I wish to add Steve Lewis to the faculty memories. He and Bill Gates ’39 taught me freshman economics and influenced my career choice. Steve also taught the basic Development Economics course at the Center for Development Economics, and welcomed Andy Weiss and I into the class where we became acquainted with thirty junior civil servants from LDCs, among then Goh (later PM of Singapore) and NKojo (many years a World Bank official). Steve also personally intervened to assure that Andy and I were accepted into the PHD Economics program at Stanford. He was a terrific teacher and generous mentor.
You can see more of his career beyond Williams in the attached:
Stephen R. Lewis Jr. is President Emeritus and Professor of Economics Emeritus at Carleton College, where he served as president from 1987 to 2002. He began senior administrative experience at Williams College, where he twice served as Provost of the College (1968-71 and 1973-77). From January 2007 to December 2014 he was Chairman of the Board of Columbia Funds, a $130 billion family of mutual funds, where he was a director from 2002-2014.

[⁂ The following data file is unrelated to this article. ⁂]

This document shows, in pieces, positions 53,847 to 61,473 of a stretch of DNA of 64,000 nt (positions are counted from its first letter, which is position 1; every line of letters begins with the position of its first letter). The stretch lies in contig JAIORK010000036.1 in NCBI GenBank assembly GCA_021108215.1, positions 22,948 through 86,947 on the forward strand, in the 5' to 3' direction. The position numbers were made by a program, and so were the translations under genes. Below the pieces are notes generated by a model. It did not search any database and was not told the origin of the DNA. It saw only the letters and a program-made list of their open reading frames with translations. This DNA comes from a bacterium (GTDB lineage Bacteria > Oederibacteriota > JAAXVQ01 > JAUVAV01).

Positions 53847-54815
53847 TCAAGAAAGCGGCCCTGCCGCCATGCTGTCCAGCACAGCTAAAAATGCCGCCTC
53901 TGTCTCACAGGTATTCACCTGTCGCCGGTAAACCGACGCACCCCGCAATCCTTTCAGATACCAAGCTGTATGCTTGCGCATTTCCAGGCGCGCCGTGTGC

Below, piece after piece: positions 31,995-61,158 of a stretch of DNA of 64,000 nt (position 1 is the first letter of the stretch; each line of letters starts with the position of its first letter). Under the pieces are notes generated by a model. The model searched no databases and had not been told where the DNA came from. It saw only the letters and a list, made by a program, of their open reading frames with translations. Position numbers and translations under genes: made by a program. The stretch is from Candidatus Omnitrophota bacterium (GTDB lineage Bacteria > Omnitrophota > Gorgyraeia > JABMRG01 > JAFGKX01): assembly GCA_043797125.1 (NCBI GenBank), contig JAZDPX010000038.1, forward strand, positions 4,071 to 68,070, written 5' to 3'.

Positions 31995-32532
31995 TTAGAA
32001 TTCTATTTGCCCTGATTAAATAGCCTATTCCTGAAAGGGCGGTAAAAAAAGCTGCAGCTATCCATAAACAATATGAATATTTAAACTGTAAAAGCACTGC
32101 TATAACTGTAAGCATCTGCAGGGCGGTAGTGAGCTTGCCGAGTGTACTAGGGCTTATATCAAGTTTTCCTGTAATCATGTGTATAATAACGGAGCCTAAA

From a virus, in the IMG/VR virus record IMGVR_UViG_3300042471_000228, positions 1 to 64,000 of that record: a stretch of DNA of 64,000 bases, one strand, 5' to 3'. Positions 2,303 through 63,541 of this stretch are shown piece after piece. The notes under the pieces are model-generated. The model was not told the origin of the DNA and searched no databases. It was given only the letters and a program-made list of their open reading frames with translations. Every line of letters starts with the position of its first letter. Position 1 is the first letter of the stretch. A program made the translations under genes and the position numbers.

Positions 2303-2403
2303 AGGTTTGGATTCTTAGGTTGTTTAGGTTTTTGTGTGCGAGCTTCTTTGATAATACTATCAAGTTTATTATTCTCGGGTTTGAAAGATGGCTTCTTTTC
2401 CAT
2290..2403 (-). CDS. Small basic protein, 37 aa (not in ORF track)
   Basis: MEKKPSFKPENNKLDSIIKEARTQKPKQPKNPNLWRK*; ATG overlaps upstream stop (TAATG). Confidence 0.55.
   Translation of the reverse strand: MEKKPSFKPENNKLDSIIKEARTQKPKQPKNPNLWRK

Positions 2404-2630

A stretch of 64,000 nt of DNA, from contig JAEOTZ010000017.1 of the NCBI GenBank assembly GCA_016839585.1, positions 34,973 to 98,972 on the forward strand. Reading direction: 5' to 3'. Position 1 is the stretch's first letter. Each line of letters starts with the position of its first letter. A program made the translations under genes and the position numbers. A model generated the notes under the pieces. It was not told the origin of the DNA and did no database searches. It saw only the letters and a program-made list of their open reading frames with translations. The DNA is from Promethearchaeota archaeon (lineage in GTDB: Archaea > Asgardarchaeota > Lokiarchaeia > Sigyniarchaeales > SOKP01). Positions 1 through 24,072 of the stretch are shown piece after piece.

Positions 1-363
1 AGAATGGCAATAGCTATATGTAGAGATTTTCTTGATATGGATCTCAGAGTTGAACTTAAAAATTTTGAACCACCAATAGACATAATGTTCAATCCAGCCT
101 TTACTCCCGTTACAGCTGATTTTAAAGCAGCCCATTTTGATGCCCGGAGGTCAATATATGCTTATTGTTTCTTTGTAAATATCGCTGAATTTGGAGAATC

An economist with a specialty in developing countries, Lewis received his BA, Phi Beta Kappa, from Williams in 1960, and his PhD in Economics from Stanford in 1963. He taught Economics at Stanford (1962-63), Harvard (1965-66), the University of Nairobi (1971-72) and Williams (1966-87), where he held the Herbert H. Lehman Professorship.
His work as Research Advisor to the Pakistan Institute of Development Economics in Karachi (1963-65), resulted in two books, including Pakistan: Industrialization and Trade Policy (1970). He also lived in Nairobi (1971-73) where he served as an Economic Advisor to the Ministry of Finance of the Government of Kenya.
In 1975, Lewis began a long association with Botswana, serving as Economic Consultant to the Ministry of Finance and Development Planning on a resident basis in 1977-78 and 1980-82, on short term assignments between 1975 and 1988, and occasionally until 1998. With Charles Harvey he coauthored Policy Choice and Development Performance in Botswana (1990). Lewis edited Q.K.J. Masire’s Very Brave or Very Foolish? Memoirs of an African Democrat (2006). Masire was Botswana’s second President (1980-98) and was Vice President and Minister of Finance from Independence in 1966 until 1980.
Because of his work in Southern Africa, Lewis was asked by the Council on Foreign Relations to analyze the South African economy, which resulted in his 1990 book, The Economics of Apartheid. His practical experience with and studies of fiscal policy in several countries led to his 1984 book, Taxation for Development.